Open Challenges and State-of-the-Art in Control System Design and Technology Development for Surgical Robotic Systems

About the workshop

The field of surgical robotics has significantly grown over the past few decades to enable the use of robotic systems in various medical procedures. However, the deployment and integration of robots in the operation theatre has been hampered by issues such as safety concerns, limited sensory perception and situational awareness for the surgeon, and having to operate in hard-to-reach and confined spaces. Some of these concerns can be addressed via the design and development of novel control strategies. This workshop will bring together researchers, industry engineers, and scientists of different backgrounds and provide an opportunity to discuss challenges for designing closed-loop control strategies and control software implementation for surgical robot deployment. The goals of this workshop are to broadly engage the surgical robotics community, leverage the momentum of the existing community by presenting the latest developments in surgical robot control and implementation, and to define the roadmap for future enhancements.


After decades of research on surgical robots, numerous designs, models, and sensing technologies have been investigated, demonstrating capabilities beyond the scope of conventional interventions. The various modelling and sensing strategies that have been developed so far form the basis for control approaches for surgical robots that range from autonomous to teleoperated in terms of the operation mode. However, there remain challenges for designing closed-loop control strategies that rely on the developed models and sensors if these systems are to provide the necessary precision and safety characteristics. Examples of such challenges are state observation/estimation for closed-loop control, filtering and processing sensor readouts as feedback signals, control of human-robot interaction, control and telemanipulation of highly articulated multi-arm or continuum robots.

Besides technology development, control software implementation is another crucial aspect in surgical robot deployment. Particularly, there are not much studies have been done on how to develop and evaluate the surgical control system technology and software to satisfy stringent and demanding control software validation and verification process from the regulatory perspective.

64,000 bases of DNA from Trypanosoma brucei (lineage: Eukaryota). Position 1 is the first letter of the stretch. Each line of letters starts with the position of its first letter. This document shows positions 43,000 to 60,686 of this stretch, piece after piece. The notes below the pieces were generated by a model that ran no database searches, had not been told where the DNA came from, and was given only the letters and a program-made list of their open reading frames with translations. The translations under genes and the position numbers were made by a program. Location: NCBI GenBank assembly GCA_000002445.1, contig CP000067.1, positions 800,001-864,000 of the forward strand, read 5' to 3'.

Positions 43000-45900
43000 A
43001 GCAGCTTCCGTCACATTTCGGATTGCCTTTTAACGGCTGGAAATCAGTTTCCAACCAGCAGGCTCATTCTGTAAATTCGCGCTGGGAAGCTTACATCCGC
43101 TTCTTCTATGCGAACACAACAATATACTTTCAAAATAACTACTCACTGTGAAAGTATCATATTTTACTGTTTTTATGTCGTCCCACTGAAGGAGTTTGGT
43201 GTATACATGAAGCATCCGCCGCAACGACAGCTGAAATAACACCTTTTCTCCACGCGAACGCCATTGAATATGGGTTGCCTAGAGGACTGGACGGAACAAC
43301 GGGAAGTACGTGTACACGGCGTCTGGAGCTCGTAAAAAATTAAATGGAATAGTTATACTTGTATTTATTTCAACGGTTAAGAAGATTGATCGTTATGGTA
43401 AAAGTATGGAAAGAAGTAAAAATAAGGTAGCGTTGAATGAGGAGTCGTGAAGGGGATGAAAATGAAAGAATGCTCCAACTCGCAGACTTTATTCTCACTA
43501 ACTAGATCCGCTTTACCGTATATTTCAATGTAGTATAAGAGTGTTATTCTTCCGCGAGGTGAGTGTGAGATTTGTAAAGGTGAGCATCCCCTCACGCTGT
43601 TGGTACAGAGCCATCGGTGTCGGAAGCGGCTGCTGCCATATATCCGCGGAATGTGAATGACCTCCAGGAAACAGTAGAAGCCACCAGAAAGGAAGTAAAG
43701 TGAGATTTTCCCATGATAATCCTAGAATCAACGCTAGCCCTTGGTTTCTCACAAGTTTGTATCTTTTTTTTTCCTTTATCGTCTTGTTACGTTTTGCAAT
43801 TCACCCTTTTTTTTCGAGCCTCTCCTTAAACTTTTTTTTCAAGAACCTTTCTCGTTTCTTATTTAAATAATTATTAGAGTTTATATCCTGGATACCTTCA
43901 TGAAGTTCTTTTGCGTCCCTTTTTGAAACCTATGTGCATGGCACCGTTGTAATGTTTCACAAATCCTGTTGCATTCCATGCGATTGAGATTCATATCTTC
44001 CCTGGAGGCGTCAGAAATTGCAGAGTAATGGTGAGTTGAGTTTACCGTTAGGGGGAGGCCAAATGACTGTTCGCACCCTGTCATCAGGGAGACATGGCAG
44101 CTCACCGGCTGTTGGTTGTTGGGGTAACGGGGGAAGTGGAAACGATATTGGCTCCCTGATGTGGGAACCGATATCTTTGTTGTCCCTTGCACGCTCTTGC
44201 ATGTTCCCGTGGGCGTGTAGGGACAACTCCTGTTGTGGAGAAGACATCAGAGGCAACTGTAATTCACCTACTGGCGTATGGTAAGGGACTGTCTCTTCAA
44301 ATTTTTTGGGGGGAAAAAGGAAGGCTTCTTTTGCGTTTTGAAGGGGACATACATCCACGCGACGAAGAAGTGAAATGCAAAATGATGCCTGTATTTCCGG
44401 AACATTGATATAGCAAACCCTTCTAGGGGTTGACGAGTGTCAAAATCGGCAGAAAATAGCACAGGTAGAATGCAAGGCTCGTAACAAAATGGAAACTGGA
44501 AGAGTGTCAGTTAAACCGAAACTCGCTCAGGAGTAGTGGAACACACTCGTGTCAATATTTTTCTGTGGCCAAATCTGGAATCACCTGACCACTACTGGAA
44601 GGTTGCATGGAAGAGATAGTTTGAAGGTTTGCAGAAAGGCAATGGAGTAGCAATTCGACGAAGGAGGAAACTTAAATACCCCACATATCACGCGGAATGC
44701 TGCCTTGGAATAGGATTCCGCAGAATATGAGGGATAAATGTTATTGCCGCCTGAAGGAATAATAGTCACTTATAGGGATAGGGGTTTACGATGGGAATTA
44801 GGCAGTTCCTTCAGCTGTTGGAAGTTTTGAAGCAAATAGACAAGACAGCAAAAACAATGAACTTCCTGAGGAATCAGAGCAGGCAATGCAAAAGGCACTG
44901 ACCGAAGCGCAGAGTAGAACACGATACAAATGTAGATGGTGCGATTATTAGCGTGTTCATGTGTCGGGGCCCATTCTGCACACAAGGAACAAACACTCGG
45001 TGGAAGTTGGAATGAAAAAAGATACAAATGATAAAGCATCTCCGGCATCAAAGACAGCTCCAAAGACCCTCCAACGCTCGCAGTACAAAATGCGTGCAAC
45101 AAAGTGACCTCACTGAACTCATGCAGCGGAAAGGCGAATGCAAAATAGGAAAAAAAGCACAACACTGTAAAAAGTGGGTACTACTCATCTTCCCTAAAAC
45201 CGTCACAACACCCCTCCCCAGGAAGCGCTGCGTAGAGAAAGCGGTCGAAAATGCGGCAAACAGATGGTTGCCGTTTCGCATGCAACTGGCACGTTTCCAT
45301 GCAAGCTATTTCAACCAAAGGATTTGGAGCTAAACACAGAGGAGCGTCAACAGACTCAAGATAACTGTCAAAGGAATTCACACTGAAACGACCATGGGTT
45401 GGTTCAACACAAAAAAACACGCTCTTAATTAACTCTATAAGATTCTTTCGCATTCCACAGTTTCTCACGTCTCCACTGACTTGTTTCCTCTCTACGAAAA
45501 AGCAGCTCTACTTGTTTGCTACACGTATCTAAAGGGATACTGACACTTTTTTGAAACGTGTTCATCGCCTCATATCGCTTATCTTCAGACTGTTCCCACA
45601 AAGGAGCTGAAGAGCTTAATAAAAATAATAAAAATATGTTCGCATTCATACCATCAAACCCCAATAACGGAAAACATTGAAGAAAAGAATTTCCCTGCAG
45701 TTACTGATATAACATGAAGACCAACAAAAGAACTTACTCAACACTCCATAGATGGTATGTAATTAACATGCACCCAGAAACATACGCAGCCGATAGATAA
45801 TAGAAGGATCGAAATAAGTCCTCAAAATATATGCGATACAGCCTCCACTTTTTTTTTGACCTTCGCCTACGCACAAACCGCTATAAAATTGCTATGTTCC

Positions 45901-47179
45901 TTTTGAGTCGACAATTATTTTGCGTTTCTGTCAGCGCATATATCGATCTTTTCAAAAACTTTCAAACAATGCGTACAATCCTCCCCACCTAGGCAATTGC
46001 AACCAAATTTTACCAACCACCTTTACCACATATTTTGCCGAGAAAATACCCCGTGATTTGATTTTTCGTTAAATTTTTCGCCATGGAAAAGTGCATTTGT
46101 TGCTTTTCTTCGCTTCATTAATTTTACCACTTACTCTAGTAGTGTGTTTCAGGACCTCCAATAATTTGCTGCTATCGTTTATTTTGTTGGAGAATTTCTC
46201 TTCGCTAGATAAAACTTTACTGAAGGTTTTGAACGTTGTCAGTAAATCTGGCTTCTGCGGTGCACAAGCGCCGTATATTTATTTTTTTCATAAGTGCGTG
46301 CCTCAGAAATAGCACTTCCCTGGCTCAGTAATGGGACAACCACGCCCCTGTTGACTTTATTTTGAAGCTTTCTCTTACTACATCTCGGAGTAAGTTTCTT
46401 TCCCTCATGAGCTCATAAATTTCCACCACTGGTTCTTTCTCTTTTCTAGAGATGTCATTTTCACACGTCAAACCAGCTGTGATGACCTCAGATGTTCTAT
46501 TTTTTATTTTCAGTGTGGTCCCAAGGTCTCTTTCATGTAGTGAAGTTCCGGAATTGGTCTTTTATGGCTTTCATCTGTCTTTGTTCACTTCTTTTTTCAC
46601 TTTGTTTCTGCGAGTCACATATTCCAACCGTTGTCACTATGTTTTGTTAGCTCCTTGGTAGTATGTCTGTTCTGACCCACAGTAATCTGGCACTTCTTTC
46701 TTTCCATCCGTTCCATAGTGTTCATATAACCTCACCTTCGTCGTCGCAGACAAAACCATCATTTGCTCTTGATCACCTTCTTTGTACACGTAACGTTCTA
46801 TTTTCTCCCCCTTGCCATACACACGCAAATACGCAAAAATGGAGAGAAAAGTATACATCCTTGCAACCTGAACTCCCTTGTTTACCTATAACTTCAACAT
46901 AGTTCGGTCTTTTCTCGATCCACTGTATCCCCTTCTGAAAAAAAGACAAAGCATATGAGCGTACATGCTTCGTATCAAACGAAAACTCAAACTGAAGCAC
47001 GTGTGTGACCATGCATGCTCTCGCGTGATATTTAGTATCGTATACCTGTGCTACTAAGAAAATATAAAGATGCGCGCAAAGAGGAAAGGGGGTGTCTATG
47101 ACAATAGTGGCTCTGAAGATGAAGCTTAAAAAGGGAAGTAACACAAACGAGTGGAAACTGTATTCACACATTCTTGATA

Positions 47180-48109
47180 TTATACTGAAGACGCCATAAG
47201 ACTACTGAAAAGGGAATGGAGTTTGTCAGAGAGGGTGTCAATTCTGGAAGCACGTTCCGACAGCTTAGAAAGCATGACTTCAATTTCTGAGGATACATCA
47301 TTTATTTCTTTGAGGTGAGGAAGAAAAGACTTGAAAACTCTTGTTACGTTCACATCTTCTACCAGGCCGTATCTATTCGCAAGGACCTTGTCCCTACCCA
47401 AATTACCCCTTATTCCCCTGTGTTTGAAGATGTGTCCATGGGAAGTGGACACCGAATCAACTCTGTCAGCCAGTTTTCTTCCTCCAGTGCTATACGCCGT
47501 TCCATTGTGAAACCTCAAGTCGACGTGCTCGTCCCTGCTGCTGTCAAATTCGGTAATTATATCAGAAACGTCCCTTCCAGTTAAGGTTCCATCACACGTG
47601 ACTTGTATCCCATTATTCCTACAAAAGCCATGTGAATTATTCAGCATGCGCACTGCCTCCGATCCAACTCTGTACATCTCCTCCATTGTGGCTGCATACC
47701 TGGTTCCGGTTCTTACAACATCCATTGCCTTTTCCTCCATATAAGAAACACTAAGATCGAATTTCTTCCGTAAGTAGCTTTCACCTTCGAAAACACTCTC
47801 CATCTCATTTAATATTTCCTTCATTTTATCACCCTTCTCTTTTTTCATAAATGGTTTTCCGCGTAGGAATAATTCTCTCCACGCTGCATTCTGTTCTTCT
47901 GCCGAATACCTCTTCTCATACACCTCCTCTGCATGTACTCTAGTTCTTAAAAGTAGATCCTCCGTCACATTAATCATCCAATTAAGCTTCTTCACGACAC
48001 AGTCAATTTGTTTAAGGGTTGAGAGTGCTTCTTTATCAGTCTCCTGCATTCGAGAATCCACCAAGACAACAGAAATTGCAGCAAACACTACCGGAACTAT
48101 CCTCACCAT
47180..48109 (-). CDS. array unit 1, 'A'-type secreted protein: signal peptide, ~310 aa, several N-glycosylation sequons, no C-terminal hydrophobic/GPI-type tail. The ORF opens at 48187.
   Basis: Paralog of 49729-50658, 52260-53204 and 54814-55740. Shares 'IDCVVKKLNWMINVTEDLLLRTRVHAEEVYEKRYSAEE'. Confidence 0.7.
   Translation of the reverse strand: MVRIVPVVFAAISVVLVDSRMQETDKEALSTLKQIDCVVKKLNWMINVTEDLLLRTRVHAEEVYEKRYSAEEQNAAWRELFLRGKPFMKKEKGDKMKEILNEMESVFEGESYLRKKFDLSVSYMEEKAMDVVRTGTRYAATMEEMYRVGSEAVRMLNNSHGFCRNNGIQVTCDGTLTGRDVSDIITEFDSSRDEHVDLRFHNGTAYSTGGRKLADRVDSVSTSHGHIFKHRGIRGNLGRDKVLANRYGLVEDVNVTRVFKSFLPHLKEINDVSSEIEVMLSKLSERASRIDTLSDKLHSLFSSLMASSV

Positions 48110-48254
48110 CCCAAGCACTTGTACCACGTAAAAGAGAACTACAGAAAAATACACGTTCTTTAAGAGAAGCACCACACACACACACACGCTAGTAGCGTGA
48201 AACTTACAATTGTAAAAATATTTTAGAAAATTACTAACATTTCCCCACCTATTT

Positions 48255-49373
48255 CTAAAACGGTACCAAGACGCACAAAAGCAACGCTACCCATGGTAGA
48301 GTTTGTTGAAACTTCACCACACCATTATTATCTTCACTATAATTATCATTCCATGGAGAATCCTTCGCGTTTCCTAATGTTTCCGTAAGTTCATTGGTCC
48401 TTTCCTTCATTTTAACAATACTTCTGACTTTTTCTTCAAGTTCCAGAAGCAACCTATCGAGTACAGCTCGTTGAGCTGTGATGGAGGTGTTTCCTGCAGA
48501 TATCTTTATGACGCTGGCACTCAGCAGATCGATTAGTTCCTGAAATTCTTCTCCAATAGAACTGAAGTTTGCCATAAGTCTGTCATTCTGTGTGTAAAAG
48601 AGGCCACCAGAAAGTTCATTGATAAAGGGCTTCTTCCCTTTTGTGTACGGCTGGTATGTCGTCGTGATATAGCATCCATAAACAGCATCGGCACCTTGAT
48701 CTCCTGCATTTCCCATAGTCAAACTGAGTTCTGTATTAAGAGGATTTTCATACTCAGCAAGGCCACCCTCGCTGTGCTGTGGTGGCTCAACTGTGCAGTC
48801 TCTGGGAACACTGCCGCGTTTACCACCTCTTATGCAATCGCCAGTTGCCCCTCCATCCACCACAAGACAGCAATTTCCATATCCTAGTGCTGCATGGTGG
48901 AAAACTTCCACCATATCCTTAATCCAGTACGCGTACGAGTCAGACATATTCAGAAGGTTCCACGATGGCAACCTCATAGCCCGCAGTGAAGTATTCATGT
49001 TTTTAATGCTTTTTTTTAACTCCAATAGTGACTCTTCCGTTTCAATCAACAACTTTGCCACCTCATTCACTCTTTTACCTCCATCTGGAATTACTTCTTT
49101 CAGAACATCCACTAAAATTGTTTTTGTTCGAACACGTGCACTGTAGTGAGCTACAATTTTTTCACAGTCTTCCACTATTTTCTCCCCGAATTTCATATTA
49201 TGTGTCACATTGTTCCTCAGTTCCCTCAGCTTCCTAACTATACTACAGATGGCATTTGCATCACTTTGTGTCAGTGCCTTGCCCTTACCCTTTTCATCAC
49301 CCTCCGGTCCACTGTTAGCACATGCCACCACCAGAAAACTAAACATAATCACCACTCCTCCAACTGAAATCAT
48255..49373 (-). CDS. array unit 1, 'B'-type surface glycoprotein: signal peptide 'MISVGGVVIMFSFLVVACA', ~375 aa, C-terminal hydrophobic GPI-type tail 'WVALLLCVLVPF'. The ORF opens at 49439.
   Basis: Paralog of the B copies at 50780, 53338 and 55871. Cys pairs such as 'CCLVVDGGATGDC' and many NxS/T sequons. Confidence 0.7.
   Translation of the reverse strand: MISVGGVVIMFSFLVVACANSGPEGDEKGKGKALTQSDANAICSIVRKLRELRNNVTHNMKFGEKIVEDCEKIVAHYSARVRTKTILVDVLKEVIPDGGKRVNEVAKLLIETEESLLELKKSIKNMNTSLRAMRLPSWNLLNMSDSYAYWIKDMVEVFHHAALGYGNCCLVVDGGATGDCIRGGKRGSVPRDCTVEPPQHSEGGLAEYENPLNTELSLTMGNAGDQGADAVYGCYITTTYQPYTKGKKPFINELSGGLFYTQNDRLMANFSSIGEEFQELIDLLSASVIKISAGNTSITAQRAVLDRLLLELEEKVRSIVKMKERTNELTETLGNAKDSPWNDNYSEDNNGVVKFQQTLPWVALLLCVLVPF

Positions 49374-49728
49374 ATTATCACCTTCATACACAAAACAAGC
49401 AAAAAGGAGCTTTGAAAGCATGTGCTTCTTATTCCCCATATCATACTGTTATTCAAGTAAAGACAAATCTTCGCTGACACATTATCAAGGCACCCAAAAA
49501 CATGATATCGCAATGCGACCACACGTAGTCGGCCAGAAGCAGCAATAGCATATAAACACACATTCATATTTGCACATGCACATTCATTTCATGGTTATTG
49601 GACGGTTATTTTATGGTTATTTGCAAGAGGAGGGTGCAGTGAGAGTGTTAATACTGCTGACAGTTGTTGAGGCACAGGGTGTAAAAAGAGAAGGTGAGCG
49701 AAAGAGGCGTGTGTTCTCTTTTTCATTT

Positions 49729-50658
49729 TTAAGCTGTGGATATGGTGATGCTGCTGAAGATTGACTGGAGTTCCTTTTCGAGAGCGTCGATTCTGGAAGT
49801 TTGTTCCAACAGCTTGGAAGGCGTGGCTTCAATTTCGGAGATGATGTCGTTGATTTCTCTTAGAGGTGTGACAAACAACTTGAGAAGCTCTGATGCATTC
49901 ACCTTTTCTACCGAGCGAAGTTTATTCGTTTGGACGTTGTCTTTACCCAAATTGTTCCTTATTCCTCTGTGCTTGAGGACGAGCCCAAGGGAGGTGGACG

From this perspective, this workshop will bring together researchers, industry engineers, and scientists of different backgrounds and provide an opportunity to discuss these issues regarding surgical robot control technology development. The topics of interest include but are not limited to the following:

  • Image-guided control and visual servoing of surgical robots
  • Dynamics models and dynamics-based controllers
  • Stability, disturbance rejection, and robustness of control strategies in surgical robotics
  • Cooperative or semi-autonomous control of surgical robots
  • Motion planning for surgical tasks
  • Force sensing and force control
  • Model-less and data driven control
  • Application of deep learning in control of surgical robots
  • Integration of sensing techniques in control of surgical robots
  • Novel control approaches for human and surgical robot interface
  • Ethics of robot autonomy


Russell Taylor, Johns Hopkins University

Pierre Dupont, Boston Children's Hospital, Harvard Medical School

Tim Salcudean, University of British Columbia

Nabil Simaan, Vanderbilt University

Ron Alterovitz, University of North Carolina at Chapel Hill

Rajni Patel, University of Western Ontario

Mahdi Tavakoli, University of Alberta

Christos Bergeles, King’s College London

Kwok Wai Samuel Au, The Chinese University of Hong Kong

Stefano Stramigioli, University of Twente

Caleb Rucker, University of Tennessee

David Camarillo, Stanford University

Jason Chan, The Chinese University of Hong Kong

David Noonan, Auris Health, Inc.

Mohsen Khadem, University of Edinburgh

Frashid Alambeigi, Johns Hopkins University

Call For Posters

We invite participants to submit short papers (2~4 pages) of relevant work via EasyChair. The accepted contributions will be posted on the workshop website but they will not appear in the official IEEE proceedings. The reviewing is single blind by a committee formed by the workshop organizers and invited speakers. The template for the contributions is IEEE RAS workshop (Latex).

The submission web page is

Accepted contributions will have the opportunity to present their work in a poster session and a 3 min presentation at the workshop. Selected contributions (short paper submitted only to the workshop) will be invited for a special issue on Journal of Medical Robotics Research

Important Dates

Paper submission deadline: 15 April 2019

Notification of acceptance: 1 May 2019

Camera-ready version: 15 May 2019

Workshop day: 23rd (24th) May 2019 (Full Day)

Deadlines are: 11.59p.m [GMT/UTC +0]

Organizing Committee

Mahdi Tavakoli, Professor, PhD, P.Eng.

Department of Electrical & Computer Engineering, University of Alberta, AB, Canada.


Christos Bergeles, Senior Lecturer, PhD.

Department of Imaging and Biomedical Engineering, King’s College London, London, UK.


Kwok Wai Samuel Au, Associate Professor, PhD.

Mechanical and Automation Engineering Department, Chinese University of Hong Kong, Shatin, N.T. Hong Kong SAR, China.


Mohsen Khadem, Lecturer, PhD.

School of Informatics, University of Edinburgh, Edinburgh, UK


Schedule (Tentative)